Oil companies can go half way around the world to get crude oil (a liquid). Ship it to a processing plant. Process it in to a form I can use. Tranship it to my neighborhood and sell this oil, gasoline, to me at a price I can afford. They can do this with competition right accross the street and still make a profit.

My water company cannot deliver water to me unless it falls on their heads and they have never made a profit.

Remove their monopolistic position and make them compete. Water is one of the most abundant substances on earth. It is criminal that Californians suffer shortages.

Answer from Tom Hutchings:

Conservation! Water is a very precious resource and the supply should be protected. Each political subdivision in California needs to begin conservation programs and encouraging drought tolerant flora. I oppose the use of desalination plants. They would increase harmful discharges into the oceans, require more power plants co-located with them, and there also lies the hazard of privatizing a natural resource. Again, CONSERVATION!

4. What should the Legislature be doing to address the needs of Californians without health insurance?

Answer from Tom Hutchings:

We have approximately 7 million Californians without healthcare. I see many of them in my job as a Benefits Counselor. California needs to adopt SB 921, in order to provide "Healthcare for All". I support a single-payer healthcare system and leaving for-profit out of our medical and health related decisions.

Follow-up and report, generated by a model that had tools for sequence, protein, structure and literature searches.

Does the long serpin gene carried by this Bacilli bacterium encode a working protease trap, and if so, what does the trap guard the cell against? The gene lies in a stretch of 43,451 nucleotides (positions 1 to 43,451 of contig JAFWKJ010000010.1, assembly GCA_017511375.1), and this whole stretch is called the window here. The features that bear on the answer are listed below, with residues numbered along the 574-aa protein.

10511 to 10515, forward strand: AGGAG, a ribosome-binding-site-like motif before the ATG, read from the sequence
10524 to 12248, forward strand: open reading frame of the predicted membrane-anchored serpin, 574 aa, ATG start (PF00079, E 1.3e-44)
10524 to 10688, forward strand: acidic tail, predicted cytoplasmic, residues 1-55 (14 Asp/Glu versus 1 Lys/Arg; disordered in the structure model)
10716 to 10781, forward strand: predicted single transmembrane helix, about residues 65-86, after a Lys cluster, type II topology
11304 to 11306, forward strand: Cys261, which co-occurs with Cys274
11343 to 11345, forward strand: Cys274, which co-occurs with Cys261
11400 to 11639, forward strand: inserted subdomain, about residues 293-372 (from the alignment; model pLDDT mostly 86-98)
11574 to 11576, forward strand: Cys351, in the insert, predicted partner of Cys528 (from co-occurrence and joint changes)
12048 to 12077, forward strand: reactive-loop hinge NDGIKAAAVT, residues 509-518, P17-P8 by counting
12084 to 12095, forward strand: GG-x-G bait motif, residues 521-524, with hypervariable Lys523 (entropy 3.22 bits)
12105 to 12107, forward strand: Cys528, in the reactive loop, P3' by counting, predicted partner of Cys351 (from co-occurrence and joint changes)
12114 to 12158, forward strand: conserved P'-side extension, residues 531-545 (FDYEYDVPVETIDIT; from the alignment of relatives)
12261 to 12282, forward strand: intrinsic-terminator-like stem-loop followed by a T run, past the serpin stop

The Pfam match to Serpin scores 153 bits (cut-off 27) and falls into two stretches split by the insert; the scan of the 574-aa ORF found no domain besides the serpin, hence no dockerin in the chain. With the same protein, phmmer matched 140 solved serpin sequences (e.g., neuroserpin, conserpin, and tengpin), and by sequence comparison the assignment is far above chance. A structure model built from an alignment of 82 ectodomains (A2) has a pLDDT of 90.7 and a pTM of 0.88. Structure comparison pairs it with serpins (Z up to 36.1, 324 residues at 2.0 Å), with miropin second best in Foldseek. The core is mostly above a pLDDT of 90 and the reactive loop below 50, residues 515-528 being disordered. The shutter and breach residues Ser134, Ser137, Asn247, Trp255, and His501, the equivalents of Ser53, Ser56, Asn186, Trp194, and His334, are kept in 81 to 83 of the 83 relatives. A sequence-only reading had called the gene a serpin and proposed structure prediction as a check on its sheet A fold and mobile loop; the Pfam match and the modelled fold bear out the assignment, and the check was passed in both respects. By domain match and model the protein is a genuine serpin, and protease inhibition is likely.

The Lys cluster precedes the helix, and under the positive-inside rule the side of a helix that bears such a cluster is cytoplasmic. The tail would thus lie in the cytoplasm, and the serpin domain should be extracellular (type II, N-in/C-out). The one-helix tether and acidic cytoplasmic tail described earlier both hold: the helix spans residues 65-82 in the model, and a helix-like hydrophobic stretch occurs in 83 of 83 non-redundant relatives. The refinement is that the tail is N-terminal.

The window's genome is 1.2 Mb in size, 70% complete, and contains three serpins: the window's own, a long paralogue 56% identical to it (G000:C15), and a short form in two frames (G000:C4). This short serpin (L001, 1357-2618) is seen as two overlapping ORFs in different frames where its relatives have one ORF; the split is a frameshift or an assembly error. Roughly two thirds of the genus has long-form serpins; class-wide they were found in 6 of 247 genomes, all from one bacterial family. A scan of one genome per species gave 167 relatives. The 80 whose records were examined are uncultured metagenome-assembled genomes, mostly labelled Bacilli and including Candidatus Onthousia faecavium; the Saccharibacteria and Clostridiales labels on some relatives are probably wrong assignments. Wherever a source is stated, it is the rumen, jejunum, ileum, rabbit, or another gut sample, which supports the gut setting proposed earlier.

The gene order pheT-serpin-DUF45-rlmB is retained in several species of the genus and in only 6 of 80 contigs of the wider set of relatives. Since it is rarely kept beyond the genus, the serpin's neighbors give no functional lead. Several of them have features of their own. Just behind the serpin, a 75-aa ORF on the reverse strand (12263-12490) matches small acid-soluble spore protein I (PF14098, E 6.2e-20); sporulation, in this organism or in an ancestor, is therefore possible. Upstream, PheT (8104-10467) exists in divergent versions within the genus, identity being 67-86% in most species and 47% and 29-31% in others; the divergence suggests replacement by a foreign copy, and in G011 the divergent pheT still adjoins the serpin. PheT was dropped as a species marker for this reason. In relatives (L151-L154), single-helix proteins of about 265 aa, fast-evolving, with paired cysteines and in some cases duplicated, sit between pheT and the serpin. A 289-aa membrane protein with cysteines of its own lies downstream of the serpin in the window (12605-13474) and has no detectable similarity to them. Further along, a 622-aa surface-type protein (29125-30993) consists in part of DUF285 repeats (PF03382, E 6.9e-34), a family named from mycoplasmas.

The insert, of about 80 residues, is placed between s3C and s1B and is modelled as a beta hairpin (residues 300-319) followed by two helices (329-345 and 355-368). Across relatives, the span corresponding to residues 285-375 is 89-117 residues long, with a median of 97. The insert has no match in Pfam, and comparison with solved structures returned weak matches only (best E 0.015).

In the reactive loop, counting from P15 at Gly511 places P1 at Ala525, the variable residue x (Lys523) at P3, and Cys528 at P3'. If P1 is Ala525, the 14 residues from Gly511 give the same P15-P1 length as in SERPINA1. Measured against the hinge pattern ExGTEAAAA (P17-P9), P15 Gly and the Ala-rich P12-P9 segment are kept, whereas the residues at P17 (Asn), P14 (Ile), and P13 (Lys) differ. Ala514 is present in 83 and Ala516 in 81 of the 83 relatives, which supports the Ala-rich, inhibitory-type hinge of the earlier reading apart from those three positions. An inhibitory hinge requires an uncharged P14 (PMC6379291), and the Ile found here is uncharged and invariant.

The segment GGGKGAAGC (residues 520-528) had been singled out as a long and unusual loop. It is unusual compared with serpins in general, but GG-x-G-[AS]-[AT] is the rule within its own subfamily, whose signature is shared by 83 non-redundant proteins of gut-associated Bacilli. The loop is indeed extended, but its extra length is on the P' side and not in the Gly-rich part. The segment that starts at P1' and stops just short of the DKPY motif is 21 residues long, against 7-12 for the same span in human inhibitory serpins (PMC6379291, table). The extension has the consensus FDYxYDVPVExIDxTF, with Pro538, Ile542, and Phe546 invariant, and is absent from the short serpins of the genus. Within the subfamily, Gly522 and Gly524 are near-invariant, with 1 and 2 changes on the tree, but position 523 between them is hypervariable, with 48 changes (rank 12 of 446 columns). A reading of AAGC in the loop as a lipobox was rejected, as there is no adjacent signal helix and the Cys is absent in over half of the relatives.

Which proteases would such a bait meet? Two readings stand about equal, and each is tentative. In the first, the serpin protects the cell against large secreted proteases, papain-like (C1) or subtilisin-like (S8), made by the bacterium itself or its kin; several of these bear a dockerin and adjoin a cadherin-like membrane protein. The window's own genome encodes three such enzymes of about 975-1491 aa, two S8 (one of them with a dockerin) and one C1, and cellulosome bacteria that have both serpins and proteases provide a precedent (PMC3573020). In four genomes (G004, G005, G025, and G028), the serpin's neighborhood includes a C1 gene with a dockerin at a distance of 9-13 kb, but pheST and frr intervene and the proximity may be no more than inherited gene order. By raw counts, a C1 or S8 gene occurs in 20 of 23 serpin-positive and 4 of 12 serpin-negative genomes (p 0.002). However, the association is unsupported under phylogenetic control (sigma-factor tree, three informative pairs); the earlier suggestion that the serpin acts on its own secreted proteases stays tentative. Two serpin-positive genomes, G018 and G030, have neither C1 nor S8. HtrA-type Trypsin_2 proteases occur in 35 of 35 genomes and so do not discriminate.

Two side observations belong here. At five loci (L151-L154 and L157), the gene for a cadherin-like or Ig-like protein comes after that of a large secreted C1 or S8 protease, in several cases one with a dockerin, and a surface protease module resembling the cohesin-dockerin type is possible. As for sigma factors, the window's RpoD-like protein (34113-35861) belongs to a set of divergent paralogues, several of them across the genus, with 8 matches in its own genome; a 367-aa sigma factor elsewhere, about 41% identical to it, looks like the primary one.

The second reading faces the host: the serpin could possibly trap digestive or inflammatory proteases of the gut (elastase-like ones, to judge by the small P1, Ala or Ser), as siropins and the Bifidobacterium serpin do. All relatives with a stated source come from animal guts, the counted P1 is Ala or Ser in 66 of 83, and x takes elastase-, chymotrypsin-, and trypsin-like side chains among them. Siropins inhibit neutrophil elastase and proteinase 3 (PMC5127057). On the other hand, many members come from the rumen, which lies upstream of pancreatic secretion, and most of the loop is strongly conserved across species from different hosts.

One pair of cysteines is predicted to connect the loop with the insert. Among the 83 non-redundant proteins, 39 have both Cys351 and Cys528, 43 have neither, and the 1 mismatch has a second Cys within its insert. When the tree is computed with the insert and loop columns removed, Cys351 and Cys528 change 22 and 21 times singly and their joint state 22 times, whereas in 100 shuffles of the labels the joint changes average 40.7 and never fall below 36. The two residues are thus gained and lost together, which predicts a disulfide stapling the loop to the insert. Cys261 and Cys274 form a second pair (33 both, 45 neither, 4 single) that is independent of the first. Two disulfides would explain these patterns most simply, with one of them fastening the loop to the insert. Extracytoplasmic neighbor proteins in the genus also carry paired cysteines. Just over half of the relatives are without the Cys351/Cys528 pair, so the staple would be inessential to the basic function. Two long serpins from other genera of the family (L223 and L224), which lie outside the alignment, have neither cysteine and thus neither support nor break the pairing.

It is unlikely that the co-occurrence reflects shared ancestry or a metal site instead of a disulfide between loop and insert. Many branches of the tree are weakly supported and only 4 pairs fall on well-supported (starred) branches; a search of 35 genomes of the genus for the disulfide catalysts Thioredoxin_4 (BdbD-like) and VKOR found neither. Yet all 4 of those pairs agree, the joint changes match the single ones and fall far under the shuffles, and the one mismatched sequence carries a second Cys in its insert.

Answer from Stew Jenkins:

I believe that access to good health care is a basic human right. I believe that injury and illness are our common enemies, more dangerous that Saddam Hussein or al-Queda. Fighting disease and injury is no less important in rural counties, like the Central Coast, than it is in urban centers. Californians require a plan that permits physicians to focus on healing where ever they practice, rather than having to fight mountains of insurance-mandated paperwork. Waiting on the Federal Government for solutions is no solution. We can work together to solve our own problems as a State.

Rebuild County Public Hospitals & Clinics:
San Luis Obispo County and northern Santa Barbara County have each had a hospital closed in the last three years, and other hospitals are threatened with closure -- even though the local population has grown markedly. Besides revitalizing health care, and providing fair insurance compensation to physicians, I will seek funding to rebuild a public hospital in San Luis Obispo and in northern Santa Barbara County.

Health Insurance Reform (permitting physicians to tend the sick on the Central Coast):
Big, Wealthy Insurance Companies have been cherry-picking: covering the healthy, dropping those who are ill, excluding pre-existing conditions, and denying or delaying valid claims filed by patients and physicians alike. Big, Wealthy Insurance Companies provide physicians in rural counties like San Luis Obispo or Santa Barbara counties with lower payment for services than are provided in LA. In some cases these companies will simply stop writing policies that cover rural counties. Stew has the right recipe for reforming Health Insurance: